Rosebank Primary School

"We are all friends and together we succeed"

British Values

Promoting British Values at Rosebank Primary School

There is now an explicit expectation from the government and Ofsted that schools; ‘actively promote the fundamental British values of democracy, the rule of law, individual liberty and mutual respect and tolerance of those with different faiths and beliefs. (School Inspection Handbook September 2015).

At Rosebank, these elements form an integral part of our aims, ethos and values and are systematically developed in many ways through our school’s curriculum, organisation and routines.

Our School Drivers – Respectful Communicators, World Citizens, Resilient Individuals and Healthy Advocate ensure that British Values are incorporated throughout the day.

Democracy

Pupils at Rosebank develop an early concept of democracy through the School Council, at which elected class members (voted for by all pupils) represent their peers. Pupil Voice has impacted visibly on recent school improvements such as the development of playground facilities and the revision of the Behaviour Policy: pupils can see the influence of pupils’ views on the school decision making process. Pupils participate in a Cluster group (‘Community Power’), extending across the four member primary schools, which focuses on raising awareness of children’s rights. The School Council is extending its influence to the local community. Sharing, listening to others, team work and collaboration are given prime importance throughout the age range. In the Early Years, children are involved in making joint decisions and sharing their opinions, for example, voting for their favourite stories.In July 2015, Year 6 Pupils took part in an election campaign where they had to create manifestos and present ideas to the whole school who then voted for differenet parties. In September 2016, selected Year 6 pupils will also be given the opportunity to form a Junior Leadership Team to evaluate the school and have their say in further school improvements.

The Rule of Law

School rules are clearly understood by pupils and are reinforced by a consistently applied whole school behaviour policy, which clearly outlines both positive and negative consequences.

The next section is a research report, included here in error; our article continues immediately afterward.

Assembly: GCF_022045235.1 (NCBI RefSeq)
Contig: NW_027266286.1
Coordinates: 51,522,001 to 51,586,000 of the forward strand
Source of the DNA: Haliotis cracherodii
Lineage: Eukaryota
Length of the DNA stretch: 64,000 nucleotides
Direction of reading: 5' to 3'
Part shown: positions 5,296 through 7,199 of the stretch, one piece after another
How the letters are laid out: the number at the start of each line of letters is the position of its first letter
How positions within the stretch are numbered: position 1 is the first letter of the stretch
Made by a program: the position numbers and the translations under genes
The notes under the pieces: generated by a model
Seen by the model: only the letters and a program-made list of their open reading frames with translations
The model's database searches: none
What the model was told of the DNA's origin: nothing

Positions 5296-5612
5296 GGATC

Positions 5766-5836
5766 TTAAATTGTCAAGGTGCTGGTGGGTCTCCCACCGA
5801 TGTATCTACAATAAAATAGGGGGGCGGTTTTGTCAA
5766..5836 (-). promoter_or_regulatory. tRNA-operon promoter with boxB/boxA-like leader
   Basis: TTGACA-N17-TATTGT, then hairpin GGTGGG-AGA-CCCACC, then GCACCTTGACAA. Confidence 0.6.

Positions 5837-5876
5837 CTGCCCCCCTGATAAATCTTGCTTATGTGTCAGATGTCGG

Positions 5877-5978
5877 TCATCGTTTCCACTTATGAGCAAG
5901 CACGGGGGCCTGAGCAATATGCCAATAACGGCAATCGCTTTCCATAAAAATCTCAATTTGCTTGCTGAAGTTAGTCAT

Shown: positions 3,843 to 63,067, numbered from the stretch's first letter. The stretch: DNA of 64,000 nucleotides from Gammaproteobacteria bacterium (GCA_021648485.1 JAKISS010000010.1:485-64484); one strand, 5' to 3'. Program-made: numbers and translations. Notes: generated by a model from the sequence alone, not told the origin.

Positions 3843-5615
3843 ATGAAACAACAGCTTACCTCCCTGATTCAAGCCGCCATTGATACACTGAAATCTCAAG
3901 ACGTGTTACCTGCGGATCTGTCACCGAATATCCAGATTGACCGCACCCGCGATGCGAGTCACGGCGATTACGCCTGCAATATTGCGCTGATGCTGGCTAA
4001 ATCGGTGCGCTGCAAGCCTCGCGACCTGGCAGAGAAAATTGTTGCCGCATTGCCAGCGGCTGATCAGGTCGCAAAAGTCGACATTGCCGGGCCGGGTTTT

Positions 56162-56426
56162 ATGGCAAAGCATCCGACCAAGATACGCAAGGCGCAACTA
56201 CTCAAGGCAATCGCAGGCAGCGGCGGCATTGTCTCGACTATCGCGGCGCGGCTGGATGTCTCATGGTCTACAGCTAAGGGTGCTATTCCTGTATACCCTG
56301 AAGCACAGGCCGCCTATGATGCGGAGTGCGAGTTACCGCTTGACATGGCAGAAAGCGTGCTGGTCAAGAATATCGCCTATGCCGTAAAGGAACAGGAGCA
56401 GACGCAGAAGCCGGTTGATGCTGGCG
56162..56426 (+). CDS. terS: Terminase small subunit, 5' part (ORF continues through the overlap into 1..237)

All pupils are involved in the negotiation of individual classroom rules at the start of each year, when the rationale behind rules is explored, along with a discussion of consequences in the event of rules not being observed. This process is reinforced in PSHCE lessons.

An appreciation of the rule of law in society is cultivated through visitors, e.g. community police workers, themed assemblies and the curriculum.

Individual Liberty

The school ethos reinforces the rights of all pupils to exist in a safe environment where they are free to learn.

Our curriculum planning is explicitly designed to give pupils the freedom to influence the direction of their own learning through the systematic incorporation of child-initiated ideas.

PSHCE teaching develops an understanding of pupils’ rights and the increasing entitlement to self-determination in their lives, linked to an awareness of the responsibility to respect the rights of others.

Enhancement activities are specifically aimed at broadening horizons and raising aspirations.

The study of key historical figures and events, develops an understanding of the preciousness of individual liberty and the sacrifices that have been made in its name. Staff are trained in the Prevent strategy, and are aware of how radicalisation may be identified and tackled.

Mutual Respect and Tolerance of those of different Faiths and Beliefs

Celebration of diversity is at the forefront of our rich curriculum, with pupils of all ages introduced to the variety of world culture, which reflects the school population. Our close proximity to the University of Leeds provides the opportunity to regularly welcome new pupils from across the globe. These celebrations are clearly identifiable through community events (e.g. Our Multi Cultural Feast) and focus weeks (e.g. Multi Cultural week)

The RE curriculum and assemblies introduce pupils to the beliefs and celebrations of different faith groups, with an approach that explores the commonality of human experience alongside a respect for difference. Places of worship for main religions are visited, and similarities and differences identified.

The EU Referendum

Rosebank students learnt about the EU Referendum and talked about many different views from influential people as to whether Britiain should remain in or leave the Eurpoean Union. Each child had the chance to vote remain or leave, to learn about the British Values of Democracy.